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I live in Vancouver and drive to Kelowna to visit my family about once a month. I always thought that the Coquihalla and other British Columbia mountain roads require winter tires starting in October, but my dad says you’re allowed to drive on tires with the M+S (mud and snow) symbol. He doesn’t change his tires for the winter. I checked the all-season tires on my car and they do say M+S. Are they really enough to handle winter roads? – Leila

On most Canadian winter roads, that S won’t suffice, experts said.

“In Canada, there are far more situations that warrant winter tires than situations that don’t warrant them,” said Lewis Smith, manager of special projects with the Canada Safety Council (CSC).

Most all-season tires say M+S on the side. It stands for mud and snow, but that doesn’t mean they’re winter tires.

The biggest difference between winter tires and all-seasons is the rubber. All-season rubber starts to get hard when the temperature outside drops below 7 degrees Celsius.

It’s like driving on four hockey pucks – they’ll slide on the road instead of stick to it.

True winter tires, which also get called snow tires, come with a mountain snowflake symbol.

They’re made of a softer rubber so they have better traction at minus 30 degrees Celsius than all-seasons do at plus 4°C, said the Traffic Injury Research Foundation (TIRF).

They give better grip, braking and control on all cold winter roads, even if they’re clear of visible ice and snow.

On an icy road, a car with winter tires needs 6.4 metres to stop compared to 12.1 metres for a car with all-seasons.

“Plus, the treads on winter tires are generally designed to bite into the snow,” Smith said.

If you live somewhere, say B.C.’s lower mainland, where the temperature stays above zero for most of the winter and it doesn’t usually snow, you can probably stick to all-seasons, Smith said.

“If you don’t drive much, or generally stick to straight, flat and regularly-cleared stretches of road, you may not see much benefit to making the change,” Smith said. “Generally speaking, though, winter tires will be more effective in harsher temperatures and more snow.”

There are also all-weather tires, which also have the mountain snowflake symbol.

They’re a compromise. They’re made of a rubber that’s softer than all-seasons but harder than winter tires and are meant to stay on all year.

Winter roads not for snowflakes?

Quebec is the only province that requires winter tires for most drivers.

In B.C., either winter tires or all-seasons with M+S are required on most highways from Oct. 1 to April 30.

Those mountain highways aren’t straight or flat and often see huge dumps of snow.

How many crashes do winter tires prevent? Most provinces don’t track whether cars had winter tires in a crash, so it’s tough to tell.

A 2011 Quebec study showed a 5-per-cent reduction in winter road collisions and a 3-per-cent reduction in deaths and serious injuries after winter tires were mandated. But by the time that law came in, 90 per cent of Quebeckers were already using winter tires.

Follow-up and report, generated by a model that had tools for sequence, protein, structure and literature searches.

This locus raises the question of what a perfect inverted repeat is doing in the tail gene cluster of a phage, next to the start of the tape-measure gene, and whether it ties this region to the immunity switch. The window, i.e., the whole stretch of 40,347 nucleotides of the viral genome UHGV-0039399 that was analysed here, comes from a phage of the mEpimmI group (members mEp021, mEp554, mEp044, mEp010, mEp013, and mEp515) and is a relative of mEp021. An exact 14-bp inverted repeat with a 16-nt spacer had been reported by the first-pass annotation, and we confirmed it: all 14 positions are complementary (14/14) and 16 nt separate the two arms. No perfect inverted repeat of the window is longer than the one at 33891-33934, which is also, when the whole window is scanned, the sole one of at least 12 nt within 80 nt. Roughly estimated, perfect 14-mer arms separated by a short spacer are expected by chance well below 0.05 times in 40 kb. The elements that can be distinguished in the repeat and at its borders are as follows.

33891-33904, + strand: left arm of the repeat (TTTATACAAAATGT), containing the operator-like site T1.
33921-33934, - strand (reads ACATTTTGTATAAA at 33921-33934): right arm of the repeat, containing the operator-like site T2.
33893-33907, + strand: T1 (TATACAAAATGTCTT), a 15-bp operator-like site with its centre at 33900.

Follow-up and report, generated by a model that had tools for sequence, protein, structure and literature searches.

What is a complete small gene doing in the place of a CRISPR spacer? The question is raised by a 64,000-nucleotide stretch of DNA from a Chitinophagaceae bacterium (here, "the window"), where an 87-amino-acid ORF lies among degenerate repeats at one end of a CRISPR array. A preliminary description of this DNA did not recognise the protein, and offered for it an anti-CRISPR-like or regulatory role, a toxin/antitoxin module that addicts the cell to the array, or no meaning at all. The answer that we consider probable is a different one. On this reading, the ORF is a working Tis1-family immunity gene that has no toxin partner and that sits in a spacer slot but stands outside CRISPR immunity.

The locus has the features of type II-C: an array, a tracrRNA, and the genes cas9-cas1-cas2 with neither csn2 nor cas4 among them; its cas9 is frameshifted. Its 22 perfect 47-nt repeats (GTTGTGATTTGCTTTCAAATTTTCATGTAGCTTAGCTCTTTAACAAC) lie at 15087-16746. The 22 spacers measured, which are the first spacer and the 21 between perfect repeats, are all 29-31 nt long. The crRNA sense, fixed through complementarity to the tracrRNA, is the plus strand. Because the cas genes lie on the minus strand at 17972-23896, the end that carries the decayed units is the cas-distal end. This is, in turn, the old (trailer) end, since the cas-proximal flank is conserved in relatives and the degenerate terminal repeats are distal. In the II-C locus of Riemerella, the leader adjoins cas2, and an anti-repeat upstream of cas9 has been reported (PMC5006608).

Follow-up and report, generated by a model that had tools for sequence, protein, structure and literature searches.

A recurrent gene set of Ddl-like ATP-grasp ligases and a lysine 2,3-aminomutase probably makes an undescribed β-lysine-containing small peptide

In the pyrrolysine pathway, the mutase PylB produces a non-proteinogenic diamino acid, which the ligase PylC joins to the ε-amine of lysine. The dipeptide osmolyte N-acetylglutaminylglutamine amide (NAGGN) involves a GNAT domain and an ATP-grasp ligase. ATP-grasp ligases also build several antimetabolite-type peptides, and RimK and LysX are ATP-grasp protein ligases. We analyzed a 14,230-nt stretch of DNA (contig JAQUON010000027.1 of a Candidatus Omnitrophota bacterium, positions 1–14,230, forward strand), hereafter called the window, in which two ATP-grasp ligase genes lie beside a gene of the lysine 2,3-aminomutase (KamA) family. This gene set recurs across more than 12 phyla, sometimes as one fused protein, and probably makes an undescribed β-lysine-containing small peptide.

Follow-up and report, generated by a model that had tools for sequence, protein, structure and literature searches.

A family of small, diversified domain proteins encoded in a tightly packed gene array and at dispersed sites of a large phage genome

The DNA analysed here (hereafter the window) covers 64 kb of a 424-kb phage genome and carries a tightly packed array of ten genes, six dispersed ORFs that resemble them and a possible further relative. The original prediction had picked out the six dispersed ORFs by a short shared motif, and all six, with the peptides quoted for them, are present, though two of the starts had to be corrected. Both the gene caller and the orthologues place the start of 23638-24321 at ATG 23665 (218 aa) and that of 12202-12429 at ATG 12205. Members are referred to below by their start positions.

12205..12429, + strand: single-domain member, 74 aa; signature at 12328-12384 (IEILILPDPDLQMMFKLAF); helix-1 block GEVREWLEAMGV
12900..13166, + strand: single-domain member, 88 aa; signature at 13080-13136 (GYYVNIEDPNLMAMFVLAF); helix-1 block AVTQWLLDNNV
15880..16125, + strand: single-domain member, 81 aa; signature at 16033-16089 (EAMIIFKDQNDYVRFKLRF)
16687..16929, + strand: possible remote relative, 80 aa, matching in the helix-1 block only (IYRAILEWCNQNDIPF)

In a new study by the Tire and Rubber Association of Canada, which represents the tire industry, 79 per cent of people using winter tires said they helped them avoid a crash.

But many Canadians still don’t think we need them, Smith said.

“Unsurprisingly, the most common reason provided for not owning winter tires was all-season tires being seen as ‘good enough,’” Smith said.

In that survey, 100 per cent of Quebec drivers said they put winter tires on their cars. But outside Quebec, only 69 per cent said they used winter tires.

Among the other provinces, the Atlantic provinces saw the most people with winter tires – 92 per cent. Manitoba and Saskatchewan were the lowest, with 50 per cent.

“Unsurprisingly, the most common reason provided for not owning winter tires was all-season tires being seen as ‘good enough,’” Smith said.

In last year’s survey, 65 per cent of Canadians said they would drive less in the winter because of the COVID-19 pandemic. This year, only 37 per cent said would be driving less.

People are shopping earlier for winter tires this fall “because they’ve experienced shortages of other consumer goods,” said George Iny, president of the Automobile Protection Association (APA).

“So far, there is no equivalent to the production shortages that have decimated new vehicle inventories,” Iny said. “The drop in new vehicle deliveries and last winter’s reduced driving due to COVID-19 restrictions have reduced the demand for both new and replacement winter tires.”

Have a driving question? Send it to globedrive@globeandmail.com and put ‘Driving Concerns’ in your subject line. Emails without the correct subject line may not be answered. Canada’s a big place, so let us know where you are so we can find the answer for your city and province.

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